grep: Grep is a shell utility for searching plain-text data sets for lines matching a regular expression. As such, it's an essential part of any serious Linux shell or script user’s tool collection. For example:
grep foo /etc/passwd
returns any line from the password file with the string “foo” in it.
grep -i "foo" /etc/passwd
finds any line from the password file with any variation of “foo” such as FOO or fOo.
You can also use grep to search recursively i.e. read all files under each directory for the string “foo”:
grep -r "foo" /home/sjvn
Grep is also often used with the pipe command to find specific strings from the output of another command. So
ls -la | grep foo*
displays any file or directory that ls had found where the file- or directory-name started with foo. If files with the names foo, foobar, and foolish were in the current present working directory, this set of paired commands would display them.
Regular expressions are a subject unto themselves; while you can do a lot with the basics, there are vast depths to be plumbed and great power to be found if you give these dedicated attention. To learn about them, and how to use them, visit the Regular-Expression.info site.
ps: report process status. This command shows what programs are currently running. I probably use ps, along with grep, more often than any other command.
Say you have a program that's misbehaving and you can't turn it off from the desktop. (Yes, I'm looking at you, Firefox!) I just run:
ps -ef | grep firefox
This command does several things in 17 characters:
- First, it finds all programs currently running on my PC.
- Then grep picks out the files that have “firefox” in them and displays them on my monitor.
- Each line also contains its process ID number. Armed with that I can now use...
kill: The command where the name says it all: Kill off the misbehaving Firefox process—-or any other process I want to zap.
would blow away any program with the process ID 1234. To make darn sure that the program was dead, dead, dead, I'd use the command:
kill -9 1234
The -9& flag is the equivalent of terminate with extreme prejudice in Linux command land.
clear: Too much stuff on your terminal screen? Just run clear and it all disappears. If you then find yourself looking for information you just erased from the screen, use the up-arrow and down-arrow keys to bring your recently issued commands back from history and re-run them as needed.
cp: cp stands for copy and it does exactly what you think it does: It copies one or more files to a different name and/or directory. Some common uses include:
cp fred.txt ethel.txt
Copies the file fred.txt in the current directory to the new file ethel.txt in the same directory.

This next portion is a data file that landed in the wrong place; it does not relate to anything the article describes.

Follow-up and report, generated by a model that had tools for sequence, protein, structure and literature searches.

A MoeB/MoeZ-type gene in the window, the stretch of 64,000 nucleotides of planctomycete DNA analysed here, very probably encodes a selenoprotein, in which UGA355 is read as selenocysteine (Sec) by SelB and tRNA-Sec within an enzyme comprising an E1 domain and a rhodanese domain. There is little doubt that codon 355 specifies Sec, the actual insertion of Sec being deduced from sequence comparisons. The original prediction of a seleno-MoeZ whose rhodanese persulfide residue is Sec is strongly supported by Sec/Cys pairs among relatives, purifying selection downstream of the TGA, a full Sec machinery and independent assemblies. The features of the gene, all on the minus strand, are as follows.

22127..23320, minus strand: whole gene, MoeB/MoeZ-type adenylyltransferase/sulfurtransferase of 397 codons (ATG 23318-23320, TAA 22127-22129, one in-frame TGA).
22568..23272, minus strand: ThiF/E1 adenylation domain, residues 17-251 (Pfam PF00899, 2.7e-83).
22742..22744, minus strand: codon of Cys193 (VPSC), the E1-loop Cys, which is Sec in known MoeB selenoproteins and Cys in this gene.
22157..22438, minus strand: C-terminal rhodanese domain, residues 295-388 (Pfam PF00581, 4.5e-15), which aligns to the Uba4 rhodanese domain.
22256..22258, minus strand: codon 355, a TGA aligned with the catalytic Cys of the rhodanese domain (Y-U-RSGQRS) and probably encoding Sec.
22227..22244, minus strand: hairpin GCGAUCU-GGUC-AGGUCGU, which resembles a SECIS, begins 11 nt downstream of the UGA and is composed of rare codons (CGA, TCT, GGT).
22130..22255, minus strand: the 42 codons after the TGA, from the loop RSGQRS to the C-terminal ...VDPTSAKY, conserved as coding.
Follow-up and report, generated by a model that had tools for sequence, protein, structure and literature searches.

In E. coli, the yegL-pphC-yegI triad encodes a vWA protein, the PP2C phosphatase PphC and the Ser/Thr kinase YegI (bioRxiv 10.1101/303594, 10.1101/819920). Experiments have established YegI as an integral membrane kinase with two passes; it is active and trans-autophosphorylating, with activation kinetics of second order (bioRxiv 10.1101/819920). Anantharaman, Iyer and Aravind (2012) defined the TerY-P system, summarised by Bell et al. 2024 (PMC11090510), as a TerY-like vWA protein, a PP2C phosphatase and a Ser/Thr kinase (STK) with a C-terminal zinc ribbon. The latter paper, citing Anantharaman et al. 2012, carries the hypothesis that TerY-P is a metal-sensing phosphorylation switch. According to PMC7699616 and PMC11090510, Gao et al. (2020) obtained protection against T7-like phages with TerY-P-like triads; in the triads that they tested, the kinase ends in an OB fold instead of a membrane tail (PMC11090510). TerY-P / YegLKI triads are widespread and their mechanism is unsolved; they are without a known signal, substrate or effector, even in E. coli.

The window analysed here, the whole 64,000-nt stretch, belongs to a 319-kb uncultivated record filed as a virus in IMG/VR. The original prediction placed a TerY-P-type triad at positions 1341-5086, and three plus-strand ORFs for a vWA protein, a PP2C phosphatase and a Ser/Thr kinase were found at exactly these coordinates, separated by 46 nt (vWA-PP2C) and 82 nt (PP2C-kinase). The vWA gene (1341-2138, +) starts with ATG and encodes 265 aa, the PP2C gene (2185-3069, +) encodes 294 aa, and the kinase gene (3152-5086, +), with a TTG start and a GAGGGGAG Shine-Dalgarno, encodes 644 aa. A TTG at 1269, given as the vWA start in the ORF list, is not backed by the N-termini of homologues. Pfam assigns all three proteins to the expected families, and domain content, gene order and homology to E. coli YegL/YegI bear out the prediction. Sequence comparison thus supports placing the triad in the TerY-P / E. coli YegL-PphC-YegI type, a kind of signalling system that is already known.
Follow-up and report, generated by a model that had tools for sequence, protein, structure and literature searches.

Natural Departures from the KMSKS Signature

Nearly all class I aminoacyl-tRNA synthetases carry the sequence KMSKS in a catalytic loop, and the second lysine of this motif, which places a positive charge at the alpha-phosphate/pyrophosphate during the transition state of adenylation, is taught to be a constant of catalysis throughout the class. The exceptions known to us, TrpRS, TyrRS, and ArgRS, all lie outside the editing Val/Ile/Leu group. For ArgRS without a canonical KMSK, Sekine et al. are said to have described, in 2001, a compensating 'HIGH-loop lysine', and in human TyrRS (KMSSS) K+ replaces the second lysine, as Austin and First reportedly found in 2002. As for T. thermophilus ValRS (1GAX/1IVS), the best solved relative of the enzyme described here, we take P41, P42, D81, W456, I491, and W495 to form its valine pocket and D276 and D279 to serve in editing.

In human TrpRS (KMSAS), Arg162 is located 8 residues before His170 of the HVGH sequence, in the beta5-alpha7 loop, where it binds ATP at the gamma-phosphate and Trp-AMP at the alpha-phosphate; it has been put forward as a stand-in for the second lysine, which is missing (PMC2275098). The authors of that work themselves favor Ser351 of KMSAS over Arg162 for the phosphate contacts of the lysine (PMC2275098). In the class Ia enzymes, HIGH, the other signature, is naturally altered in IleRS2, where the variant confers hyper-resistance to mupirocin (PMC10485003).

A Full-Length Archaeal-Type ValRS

cp fred.txt /home/sjvn/docs/fred.txt
Copies fred.txt to the directory /home/sjvn/docs.
cp *.txt /home/sjvn/docs/
Copy all files ending in .txt into the /home/sjvn/docs/ directory.
cp -r /home/sjvn/docs/* /home/sjvn/backup
Copies all the files, directories, and subdirectories in the home/sjvn/docs directory into the /home/sjvn/backup directory.
hostname: The name of the computer into which you're currently logged in. With a desktop system, 99 times out of 100, that is your PC.
mv: Move. mv works pretty much the same way that cp does except you're moving files from one location to another or you're changing its name. So if I typed
mv fred.txt ethel.txt
instead of having two files, fred.txt and ethel.txt, as I did with the example of the cp command, I'd only have the ethel.txt file after “mv”ing it.
pwd: Print working directory. pwd displays the name of your current directory. Knowing where you are is always important in Linux land!
rm: rm stands for remove, Linux's version of delete. So if I ran
I'd be deleting fred.txt once and for all.
I highly recommend that you run the rm command with the -i interactive flag. This makes the program ask you if you really want to delete a file before it's removed. So, in real life I'd type:
rm -i fred.txt
just in case I'd mistyped the file name, or worse still used a wildcard incorrectly. Bringing deleted files back in Linux tends to be a pain.
uname: uname -a gives you a one-line summary of the PC's basic information. This typically includes your computer's name, which Linux kernel you're running, your system architecture, and your distribution name.
For more detailed information, you use the cat command, which displays text information with your Linux PC's system resources. The most useful of these are:
cat /proc/cpuinfo: Displays your CPU's vital statistics.
cat /proc/version: Shows you more details about your currently-running Linux distribution.
cat /etc/printcap: Shows you all your currently set-up printers.
set | more: The pairing of commands set | more gives you more, probably much more, than you ever wanted to know about your current desktop environment. Rather than getting the full nine-yards of what's been set up in your environment, if you want to know about just one or two elements in your system environment, you're better off running a command like:
which would display the directories your system checks for executable files.
The end, or rather the beginning
What I've given you where is just the surface of Linux commands. Hundreds of books and websites give far more comprehensive overviews and go into greater depth on how to use the commands by themselves or in shell programs. This article is just meant to give you enough to get by when you need to take a deeper look into your system than your GUI is giving you.